MFA Filmmaking student Rafael Pires Nani’s short film, “Rose Garden,” which he shot in his first year at the New York Film Academy, was accepted into 24 film festivals so far, and has won fifteen awards.
“Rose Garden” tells the story of an intelligent kid who manages to easily drive his family and neighbors crazy. Though, more than relationships and family, it is about how some people can suddenly appear in our lives and completely change us. Like a fable, the movie is able to disarm minds and hearts, making people dive deep into the story.
“As an Intermediate Project, we spent four months constantly work-shopping the script in class,” recalls Nani. “My teachers and classmates were extremely important in helping me take my script to the next level. And all development — in terms of script analysis, shot list, floor plan, storyboards, and directing actors — made all the difference to me on set. It’s on the screen; everything was well thought out, and you can see the harmony in all of these elements.”
Nani says film festivals are about personal voice and style, and believes audiences at festivals are more open minded for new ideas. “They want something different, something that they can’t find in the mainstream,” says Nani. “Of course, they want to see a really good story, but I’ve been in lots of film festivals around the world, and I can tell there is a huge space for what’s new or different — even when the story is common and usual.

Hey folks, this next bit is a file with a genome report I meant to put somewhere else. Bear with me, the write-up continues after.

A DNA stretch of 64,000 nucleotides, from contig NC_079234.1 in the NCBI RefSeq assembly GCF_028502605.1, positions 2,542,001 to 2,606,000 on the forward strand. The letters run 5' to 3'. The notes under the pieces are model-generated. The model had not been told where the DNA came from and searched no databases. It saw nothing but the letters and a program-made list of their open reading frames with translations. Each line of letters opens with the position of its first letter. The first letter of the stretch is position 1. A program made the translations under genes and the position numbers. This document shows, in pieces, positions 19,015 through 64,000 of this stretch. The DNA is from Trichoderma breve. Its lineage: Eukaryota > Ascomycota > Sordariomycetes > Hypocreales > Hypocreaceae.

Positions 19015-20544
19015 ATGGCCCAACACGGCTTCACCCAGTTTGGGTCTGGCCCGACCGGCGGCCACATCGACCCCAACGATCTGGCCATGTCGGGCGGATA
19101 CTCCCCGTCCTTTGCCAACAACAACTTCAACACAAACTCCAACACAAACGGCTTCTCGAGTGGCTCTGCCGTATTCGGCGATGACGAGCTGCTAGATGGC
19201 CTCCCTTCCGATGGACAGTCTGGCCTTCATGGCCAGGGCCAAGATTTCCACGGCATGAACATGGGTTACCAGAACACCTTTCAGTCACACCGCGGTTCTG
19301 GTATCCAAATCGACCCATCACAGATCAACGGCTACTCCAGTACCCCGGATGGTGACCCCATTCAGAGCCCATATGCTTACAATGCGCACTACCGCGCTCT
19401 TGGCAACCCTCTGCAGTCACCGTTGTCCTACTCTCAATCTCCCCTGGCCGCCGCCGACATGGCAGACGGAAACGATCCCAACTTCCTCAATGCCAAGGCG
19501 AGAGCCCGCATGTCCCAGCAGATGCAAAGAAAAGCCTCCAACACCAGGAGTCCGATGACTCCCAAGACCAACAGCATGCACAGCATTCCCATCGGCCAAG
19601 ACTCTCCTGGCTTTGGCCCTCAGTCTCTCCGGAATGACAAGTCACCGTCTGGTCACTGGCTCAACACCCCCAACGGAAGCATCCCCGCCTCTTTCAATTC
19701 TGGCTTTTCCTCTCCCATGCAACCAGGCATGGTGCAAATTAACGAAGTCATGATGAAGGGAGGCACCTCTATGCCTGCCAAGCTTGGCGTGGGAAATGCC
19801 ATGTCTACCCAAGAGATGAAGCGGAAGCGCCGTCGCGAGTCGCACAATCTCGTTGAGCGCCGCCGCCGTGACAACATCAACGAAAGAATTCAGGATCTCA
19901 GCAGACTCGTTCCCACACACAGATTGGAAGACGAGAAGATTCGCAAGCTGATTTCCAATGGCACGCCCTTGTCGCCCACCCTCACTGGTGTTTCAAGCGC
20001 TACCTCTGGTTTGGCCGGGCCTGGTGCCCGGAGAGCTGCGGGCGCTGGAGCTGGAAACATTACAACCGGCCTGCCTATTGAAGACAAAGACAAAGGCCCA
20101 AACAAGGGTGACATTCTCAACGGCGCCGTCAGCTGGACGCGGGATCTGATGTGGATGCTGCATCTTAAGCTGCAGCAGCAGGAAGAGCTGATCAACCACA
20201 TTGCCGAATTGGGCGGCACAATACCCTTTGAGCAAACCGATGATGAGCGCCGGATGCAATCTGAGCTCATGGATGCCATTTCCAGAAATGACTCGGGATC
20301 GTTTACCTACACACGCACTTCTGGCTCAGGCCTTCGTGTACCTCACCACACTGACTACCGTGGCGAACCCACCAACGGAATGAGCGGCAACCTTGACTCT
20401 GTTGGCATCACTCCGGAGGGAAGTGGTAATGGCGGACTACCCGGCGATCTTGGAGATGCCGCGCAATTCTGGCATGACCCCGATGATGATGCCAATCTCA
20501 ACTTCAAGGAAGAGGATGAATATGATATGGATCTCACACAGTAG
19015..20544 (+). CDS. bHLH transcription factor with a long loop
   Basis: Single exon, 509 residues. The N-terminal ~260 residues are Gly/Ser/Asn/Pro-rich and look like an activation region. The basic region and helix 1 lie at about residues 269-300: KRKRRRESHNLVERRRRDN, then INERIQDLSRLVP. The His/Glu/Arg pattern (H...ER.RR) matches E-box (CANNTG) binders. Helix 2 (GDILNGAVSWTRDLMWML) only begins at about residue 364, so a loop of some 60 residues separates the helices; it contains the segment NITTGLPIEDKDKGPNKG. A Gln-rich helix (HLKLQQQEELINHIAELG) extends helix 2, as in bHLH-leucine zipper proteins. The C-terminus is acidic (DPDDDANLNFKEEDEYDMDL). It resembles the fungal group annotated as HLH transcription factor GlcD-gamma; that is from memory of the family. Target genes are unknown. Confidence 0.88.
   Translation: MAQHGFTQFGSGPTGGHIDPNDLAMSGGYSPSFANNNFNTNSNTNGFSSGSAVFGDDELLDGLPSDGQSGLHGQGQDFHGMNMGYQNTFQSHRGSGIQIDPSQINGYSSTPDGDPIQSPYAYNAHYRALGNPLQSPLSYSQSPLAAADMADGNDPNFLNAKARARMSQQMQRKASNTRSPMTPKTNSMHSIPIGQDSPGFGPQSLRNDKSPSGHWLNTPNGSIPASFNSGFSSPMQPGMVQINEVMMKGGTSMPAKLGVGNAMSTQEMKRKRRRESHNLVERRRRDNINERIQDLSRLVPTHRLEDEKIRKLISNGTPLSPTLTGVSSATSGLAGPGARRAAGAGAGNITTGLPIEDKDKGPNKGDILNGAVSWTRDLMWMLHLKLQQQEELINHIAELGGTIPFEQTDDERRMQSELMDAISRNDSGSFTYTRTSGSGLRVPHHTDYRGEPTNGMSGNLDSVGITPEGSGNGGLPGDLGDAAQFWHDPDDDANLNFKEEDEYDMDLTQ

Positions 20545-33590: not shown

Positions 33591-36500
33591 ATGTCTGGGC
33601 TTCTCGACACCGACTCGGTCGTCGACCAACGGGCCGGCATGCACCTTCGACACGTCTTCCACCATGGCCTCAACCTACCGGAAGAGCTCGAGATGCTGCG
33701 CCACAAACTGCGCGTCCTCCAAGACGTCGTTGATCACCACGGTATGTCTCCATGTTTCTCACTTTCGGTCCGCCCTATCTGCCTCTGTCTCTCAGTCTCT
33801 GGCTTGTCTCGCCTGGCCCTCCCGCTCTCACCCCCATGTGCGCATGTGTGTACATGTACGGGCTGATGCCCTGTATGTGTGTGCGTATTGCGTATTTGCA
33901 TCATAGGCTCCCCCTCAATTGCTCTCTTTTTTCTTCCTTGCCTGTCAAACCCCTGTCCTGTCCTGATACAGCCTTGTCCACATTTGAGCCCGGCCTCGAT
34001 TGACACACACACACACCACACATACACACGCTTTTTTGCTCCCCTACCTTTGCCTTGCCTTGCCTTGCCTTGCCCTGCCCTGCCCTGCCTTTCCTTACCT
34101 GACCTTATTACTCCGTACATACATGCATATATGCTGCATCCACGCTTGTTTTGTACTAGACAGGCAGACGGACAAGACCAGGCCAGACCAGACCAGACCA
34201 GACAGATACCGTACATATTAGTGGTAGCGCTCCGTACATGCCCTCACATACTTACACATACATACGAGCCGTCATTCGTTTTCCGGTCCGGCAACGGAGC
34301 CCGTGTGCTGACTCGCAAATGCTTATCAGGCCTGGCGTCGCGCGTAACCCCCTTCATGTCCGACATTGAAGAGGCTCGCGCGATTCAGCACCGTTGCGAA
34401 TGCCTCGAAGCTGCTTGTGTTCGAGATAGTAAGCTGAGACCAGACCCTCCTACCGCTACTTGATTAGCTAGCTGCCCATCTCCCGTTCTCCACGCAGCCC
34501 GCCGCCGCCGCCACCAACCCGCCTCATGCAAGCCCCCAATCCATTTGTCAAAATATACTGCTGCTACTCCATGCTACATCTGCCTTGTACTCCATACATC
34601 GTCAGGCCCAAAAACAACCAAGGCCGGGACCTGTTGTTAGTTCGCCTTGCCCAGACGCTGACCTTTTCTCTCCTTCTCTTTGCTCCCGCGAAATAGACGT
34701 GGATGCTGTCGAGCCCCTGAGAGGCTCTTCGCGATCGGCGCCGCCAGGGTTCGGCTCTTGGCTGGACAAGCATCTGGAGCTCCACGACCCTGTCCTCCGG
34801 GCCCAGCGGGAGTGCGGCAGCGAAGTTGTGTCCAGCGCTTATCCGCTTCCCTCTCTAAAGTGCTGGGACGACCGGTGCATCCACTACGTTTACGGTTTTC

Though, Nani warns filmmakers not to create a film while thinking about festivals. “Do whatever you want to do; be proud of your work,” he adds. “When it’s done, you will find the festivals that will be related to your ideas.”
While continuing his MFA Filmmaking degree program, Nani is developing his thesis project, which is a feature sci-fi / horror film called “Bloody Eyes.”
“It’s a project that I’m really excited about, and I can’t wait to be back on the set to shoot it,” Nani said.